Cochran had his first Top 20 hit in early 1957, "Sittin' in the Balcony," with an echo-chambered vocal reminiscent of Elvis. That single was written by John D. Loudermilk, but Eddie would write much of his material, including his only Top Ten hit, "Summertime Blues." A definitive teenage anthem with hints of the overt protest that would seep into rock music in the 1960s, it was also a technical tour de force for the time: Cochran overdubbed himself on guitar to create an especially thick sound. One of the classic early rock singles, "Summertime Blues" was revived a decade later by proto-metal group Blue Cheer, and was a concert staple for the Who, who had a small American hit with a cover version. (Let's not mention Alan Jackson's country rendition in the 1990s.)
That, disappointingly, was the extent of Cochran's major commercial success in the U.S. "C'mon Everybody," a chugging rocker that was almost as good as "Summertime Blues," made the Top 40 in 1959, and also gave Eddie his first British Top Tenner. As is the case with his buddy Gene Vincent, though, you can't judge his importance by mere chart statistics. Cochran was very active in the studio, and while his output wasn't nearly as consistent as Buddy Holly's (another good friend of Eddie's), he laid down a few classic or near-classic cuts that are just as worthy as his hits. "Somethin' Else," "My Way" (which the Who played in concert at the peak of psychedelia), "Weekend" (covered by the Move), and "Nervous Breakdown" are some of the best of these, and belong in the collection of every rockabilly fan. He was also (like Holly) an innovator in the studio, using overdubbing at a time when that practice was barely known on rock recordings.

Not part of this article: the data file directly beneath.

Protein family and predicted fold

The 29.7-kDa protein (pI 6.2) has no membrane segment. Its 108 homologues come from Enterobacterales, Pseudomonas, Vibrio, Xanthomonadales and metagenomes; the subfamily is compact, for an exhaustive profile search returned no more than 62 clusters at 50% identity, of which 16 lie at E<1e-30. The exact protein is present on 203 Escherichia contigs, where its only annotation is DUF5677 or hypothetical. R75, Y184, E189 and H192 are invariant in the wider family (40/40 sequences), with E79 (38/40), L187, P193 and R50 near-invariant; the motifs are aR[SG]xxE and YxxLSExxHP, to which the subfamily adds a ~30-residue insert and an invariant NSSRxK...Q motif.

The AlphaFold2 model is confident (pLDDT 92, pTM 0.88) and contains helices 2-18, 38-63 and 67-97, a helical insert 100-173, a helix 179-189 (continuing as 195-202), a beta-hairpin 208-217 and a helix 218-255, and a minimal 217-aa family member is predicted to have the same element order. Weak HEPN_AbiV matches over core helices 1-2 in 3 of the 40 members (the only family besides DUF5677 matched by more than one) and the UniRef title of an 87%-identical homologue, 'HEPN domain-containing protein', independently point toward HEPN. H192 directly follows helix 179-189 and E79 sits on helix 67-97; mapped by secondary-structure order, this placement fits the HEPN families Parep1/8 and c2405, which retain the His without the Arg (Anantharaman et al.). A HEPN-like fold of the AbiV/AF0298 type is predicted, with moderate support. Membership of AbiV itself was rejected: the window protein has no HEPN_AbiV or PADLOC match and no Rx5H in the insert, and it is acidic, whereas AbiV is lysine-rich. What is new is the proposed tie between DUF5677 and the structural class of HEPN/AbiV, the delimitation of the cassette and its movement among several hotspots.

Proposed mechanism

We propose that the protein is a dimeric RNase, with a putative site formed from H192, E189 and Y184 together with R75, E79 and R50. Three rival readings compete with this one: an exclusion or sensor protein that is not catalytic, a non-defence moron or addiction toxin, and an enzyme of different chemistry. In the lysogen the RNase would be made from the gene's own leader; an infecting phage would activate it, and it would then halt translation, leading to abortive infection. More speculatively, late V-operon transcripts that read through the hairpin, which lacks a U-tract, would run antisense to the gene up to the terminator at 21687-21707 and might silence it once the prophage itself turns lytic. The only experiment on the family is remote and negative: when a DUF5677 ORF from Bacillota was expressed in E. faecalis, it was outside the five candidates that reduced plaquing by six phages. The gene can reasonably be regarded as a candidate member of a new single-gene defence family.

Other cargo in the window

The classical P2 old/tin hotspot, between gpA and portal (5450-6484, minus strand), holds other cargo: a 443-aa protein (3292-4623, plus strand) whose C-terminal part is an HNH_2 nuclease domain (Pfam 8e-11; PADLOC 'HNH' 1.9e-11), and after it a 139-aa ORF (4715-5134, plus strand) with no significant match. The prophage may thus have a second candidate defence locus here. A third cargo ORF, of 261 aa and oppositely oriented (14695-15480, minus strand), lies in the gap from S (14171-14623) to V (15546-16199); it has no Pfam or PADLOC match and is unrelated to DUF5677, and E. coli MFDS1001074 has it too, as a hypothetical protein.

Cochran is more revered today in Britain than the United States, due in part to the tragic circumstances of his death. In the spring of 1960, he toured the U.K. with Vincent, to a wild reception, in a country that had rarely had the opportunity to see American rock & roll stars in the flesh. En route to London to fly back to the States for a break, the car Cochran was riding in, with his girlfriend (and songwriter) Sharon Sheeley and Gene Vincent, had a severe accident. Vincent and Sheeley survived, but Cochran died less than a day later, at the age of 21.
01. Tired And Sleepy (02:01)